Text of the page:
Netflix renews controversial Monster series for 2 more seasons 2 months ago

Netflix renews controversial Monster series for 2 more seasons

We're getting more series of The Watcher, as well.

Despite being branded as insensitive by many viewers, Netflix has confirmed that there will be two more seasons of the Monster series.

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The first series, titled Dahmer – Monster: The Jeffrey Dahmer Story, landed on the streaming platform this summer. It told the story of real-life series killer Jeffrey Dahmer, who murdered 17 men and boys between 1978 and 1991.

Now, Netflix is extending its Monster universe, with two more instalments focused on other serial killers.

As Collider reports, Netflix's Head of Global TV Bela Bajaria announced teased the future of the series in a statement, which also promised additional series of The Watcher.

Bajara's statement read: "Audiences can't take their eyes off ‘Monster’ and 'The Watcher'. The creative team of Ryan Murphy and Ian Brennan on Monster along with Eric Newman on 'The Watcher' are masterful storytellers who captivated audiences all over the world.

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"The back-to-back force of these two series is due to Ryan’s distinct original voice which created cultural sensations and we are thrilled to continue telling stories in the Monster and Watcher universes."

The Watcher also landed on Netflix this summer, and the first season, which stars Jennifer Coolidge and Naomi Watts, follows the story of a family who are stalked after moving into their dream home.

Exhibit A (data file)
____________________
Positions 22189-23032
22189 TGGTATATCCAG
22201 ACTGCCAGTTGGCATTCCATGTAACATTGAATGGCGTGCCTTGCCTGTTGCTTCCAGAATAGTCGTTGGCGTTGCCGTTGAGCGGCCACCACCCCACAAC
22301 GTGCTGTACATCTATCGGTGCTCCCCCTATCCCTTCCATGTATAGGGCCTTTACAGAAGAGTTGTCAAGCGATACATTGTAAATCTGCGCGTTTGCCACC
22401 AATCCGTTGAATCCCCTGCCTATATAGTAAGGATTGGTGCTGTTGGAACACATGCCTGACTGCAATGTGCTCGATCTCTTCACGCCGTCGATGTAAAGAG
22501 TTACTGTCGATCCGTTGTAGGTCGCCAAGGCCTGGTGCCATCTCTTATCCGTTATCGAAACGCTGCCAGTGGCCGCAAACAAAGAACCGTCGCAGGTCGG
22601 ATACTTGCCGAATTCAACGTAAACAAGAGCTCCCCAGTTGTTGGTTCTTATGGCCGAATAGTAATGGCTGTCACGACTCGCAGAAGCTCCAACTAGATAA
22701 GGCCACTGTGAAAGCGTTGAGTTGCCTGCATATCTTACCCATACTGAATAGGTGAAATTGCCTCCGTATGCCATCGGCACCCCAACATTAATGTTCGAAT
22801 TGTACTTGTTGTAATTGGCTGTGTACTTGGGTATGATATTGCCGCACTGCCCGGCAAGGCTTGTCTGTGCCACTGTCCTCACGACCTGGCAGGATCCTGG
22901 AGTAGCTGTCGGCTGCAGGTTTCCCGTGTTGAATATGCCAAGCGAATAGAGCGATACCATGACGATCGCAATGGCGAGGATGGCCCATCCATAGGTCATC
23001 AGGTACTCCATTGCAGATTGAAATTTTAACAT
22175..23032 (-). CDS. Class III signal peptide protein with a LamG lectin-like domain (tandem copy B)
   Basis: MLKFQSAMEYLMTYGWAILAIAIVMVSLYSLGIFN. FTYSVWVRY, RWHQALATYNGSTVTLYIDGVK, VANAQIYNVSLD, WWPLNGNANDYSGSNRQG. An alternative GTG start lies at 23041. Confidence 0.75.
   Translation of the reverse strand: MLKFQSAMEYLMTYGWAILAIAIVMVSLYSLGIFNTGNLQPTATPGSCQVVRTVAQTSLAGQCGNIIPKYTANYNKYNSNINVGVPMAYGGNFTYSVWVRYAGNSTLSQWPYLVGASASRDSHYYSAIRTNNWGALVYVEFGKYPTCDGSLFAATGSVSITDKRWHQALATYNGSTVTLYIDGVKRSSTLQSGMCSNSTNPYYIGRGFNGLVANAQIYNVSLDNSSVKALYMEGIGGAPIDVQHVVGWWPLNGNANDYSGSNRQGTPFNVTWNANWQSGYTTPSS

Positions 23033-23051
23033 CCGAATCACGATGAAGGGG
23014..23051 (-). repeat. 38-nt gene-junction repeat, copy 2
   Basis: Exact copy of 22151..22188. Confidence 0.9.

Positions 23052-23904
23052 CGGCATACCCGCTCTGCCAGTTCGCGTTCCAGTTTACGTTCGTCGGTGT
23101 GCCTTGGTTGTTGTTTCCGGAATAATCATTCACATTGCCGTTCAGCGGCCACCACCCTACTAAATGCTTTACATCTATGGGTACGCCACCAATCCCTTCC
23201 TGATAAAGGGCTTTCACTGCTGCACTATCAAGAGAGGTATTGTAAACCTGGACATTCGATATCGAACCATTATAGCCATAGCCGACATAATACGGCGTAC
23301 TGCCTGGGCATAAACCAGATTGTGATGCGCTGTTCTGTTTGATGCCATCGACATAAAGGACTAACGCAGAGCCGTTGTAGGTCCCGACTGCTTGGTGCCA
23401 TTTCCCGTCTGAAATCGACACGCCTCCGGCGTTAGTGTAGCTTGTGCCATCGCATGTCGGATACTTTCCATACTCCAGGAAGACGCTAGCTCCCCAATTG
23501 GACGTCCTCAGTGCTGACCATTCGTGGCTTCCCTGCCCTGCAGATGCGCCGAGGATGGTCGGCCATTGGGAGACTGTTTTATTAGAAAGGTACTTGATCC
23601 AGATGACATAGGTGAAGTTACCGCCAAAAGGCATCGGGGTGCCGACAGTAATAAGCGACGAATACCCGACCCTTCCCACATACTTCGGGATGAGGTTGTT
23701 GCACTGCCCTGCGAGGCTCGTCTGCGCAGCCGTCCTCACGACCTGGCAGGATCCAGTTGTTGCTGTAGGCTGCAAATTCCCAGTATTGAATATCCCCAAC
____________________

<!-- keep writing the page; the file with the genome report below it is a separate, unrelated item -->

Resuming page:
Dahmer, which starred Evan Peters in the titular role, is one of Netflix's most-watched shows of all times, having accumulated over 900 million viewing hours. However, it has also been criticised for its coverage of real people and real events, with many of Dahmer's victims' families speaking out, and saying that the series has re-traumatised them.

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Shirley Hughes' son Tony was murdered by Dahmer in 1991. She has criticised Ryan Murphy's TV show, telling The Guardian that the real life events "didn't happen" as they were portrayed on the series. She also stated that the programme was made without the permission of any of the victims' families.

Eric Perry, who is cousin of Errol Lindsey, has also spoken out. Lindsey was killed by Jeffrey in his apartment in 1991, and his cousin has said that the show was made without the permission of the families.

On Twitter, he wrote: "To answer the main question, no, they don’t notify families when they do this. It’s all public record, so they don’t have to notify (or pay!) anyone. My family found out when everyone else did... I’m not telling anyone what to watch, I know true crime media is huge rn, but if you’re actually curious about the victims, my family (the Isbell’s) are pissed about this show. It’s retraumatizing over and over again, and for what? How many movies/shows/documentaries do we need?"